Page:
E3 2015
Mirror's Edge Catalyst Preview: Have a Little Faith

Janelle Bonanno | 21 Jun 2015 10:50
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Could DICE recapture the spark of the original parkour-filled adventure, while delivering a game that the original's promise suggested it could be?

Back in 2008, EA released a unique action-adventure 3D platformer called Mirror's Edge. With its expansive environments and fresh approach, players fell in love with its ease of flow, inspired by parkour, and the enigmatic protagonist, Faith. I loved Mirror's Edge from the moment I laid my hands on it, playing its "Still Alive" theme song on heavy rotation, soaring through the skies aided by the buildings around me.

Unfortunately for most of us, Mirror's Edge felt a lot more like a proof of concept than it did a game. With an average of 6 hours of gameplay, many complained it wasn't long enough. Even though it had a compelling backstory to work with, the actual plot fell short, delivering only a weak storyline, possibly due to its short length. On top of all that, gameplay wasn't as refined as it should have been, unintentionally removing getting in the way of immersion and flow in favor for trial and error style gameplay, which was antithesis to the game itself.

When they announced Mirror's Edge Catalyst, I reserved healthy skepticism. I couldn't envision how an open-world design would mesh with its mechanics. Not only that, I couldn't be sure they would use the original for what it truly was, a proof of concept, and build out the game I originally wished it was. DICE has returned to develop it, putting them in a great position to continue from where they left off, but its original writer Rhianna Prachett was notably absent. These were two either very good, or very bad signs.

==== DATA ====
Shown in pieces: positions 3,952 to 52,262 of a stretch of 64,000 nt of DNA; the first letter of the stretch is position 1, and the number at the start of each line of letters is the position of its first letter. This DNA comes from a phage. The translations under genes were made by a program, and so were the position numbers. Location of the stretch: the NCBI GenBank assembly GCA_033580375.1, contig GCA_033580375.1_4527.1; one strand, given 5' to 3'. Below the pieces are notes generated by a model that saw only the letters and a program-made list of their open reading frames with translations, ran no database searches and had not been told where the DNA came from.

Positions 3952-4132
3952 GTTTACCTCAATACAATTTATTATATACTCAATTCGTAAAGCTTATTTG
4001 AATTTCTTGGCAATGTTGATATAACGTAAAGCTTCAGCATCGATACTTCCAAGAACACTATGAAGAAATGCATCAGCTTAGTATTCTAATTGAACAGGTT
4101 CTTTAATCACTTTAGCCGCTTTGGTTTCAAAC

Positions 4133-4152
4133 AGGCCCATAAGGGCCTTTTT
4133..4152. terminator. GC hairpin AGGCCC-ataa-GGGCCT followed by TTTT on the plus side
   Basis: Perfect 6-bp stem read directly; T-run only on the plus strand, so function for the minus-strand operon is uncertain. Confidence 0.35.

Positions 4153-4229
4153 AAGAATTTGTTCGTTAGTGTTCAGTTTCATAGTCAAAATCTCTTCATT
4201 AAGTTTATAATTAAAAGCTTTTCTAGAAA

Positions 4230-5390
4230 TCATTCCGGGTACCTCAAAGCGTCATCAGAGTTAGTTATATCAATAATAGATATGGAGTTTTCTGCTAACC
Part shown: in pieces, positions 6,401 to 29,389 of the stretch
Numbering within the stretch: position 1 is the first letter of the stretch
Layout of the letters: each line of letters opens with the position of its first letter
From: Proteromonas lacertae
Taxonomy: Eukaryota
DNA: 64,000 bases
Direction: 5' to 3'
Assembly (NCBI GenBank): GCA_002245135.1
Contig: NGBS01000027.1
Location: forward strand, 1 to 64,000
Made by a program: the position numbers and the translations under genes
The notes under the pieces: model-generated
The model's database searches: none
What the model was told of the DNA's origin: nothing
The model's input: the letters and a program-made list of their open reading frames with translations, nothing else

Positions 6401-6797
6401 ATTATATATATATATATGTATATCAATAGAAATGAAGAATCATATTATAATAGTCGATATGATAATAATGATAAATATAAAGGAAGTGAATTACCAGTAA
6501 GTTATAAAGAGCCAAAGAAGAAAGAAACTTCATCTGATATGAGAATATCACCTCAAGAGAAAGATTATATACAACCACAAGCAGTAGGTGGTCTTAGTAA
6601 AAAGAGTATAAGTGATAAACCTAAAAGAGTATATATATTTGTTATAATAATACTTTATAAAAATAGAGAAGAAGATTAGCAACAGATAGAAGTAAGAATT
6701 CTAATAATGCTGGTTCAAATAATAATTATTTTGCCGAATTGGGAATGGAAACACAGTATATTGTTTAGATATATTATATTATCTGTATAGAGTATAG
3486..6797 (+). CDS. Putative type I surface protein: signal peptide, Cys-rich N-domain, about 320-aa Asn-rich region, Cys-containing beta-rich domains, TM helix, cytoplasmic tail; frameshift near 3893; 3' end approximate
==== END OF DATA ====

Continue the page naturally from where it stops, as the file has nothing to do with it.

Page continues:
Could DICE recapture the spark of the original first-person, free-running, parkour-filled adventure, while delivering a game that the original's promise suggested it could be? After my first hands-on at E3 2015, I am excited to say that the answer seems to be yes. DICE has approached Mirror's Edge Catalyst with four important priority goals, which was the first indication this might be the game I always wanted: Stay true to the original, rebuild the mechanics, expand its horizons, and dig deeper into gameplay.

This is Faith's origin story. Taking a stand against the ruling elite, she is the catalyst for change. In the city of Glass, there is no freedom. But two groups, labeled terrorists by the totalitarian regime, have risen up to fight back: The Black November and a network of "runners" who live on the fringe of society as couriers who transmit secret messages while evading government surveillance. You are a runner, and in Catalyst, run you will.

In order to traverse your environment, you must build up momentum, and once you do, you'll find yourself figuratively flying through the city in all its first-person beauty. Catalyst is all about fluidity and momentum, keeping your momentum while missteps and second-guessing threatens to take it away. The simplified controls allow them to aid you in your pursuit of flow, instead of hindering. Once you build momentum, LB is utilized for any "up" movement and LT performs all "down" movements. RT bashes open doors, and there are two combat buttons. One is a light flow attack, knocking down enemies while maintaining your momentum to keep running, and another is a heavy transference attack, utilizing your momentum for power. There are no other buttons to worry about. Just keep running. Simple as that.

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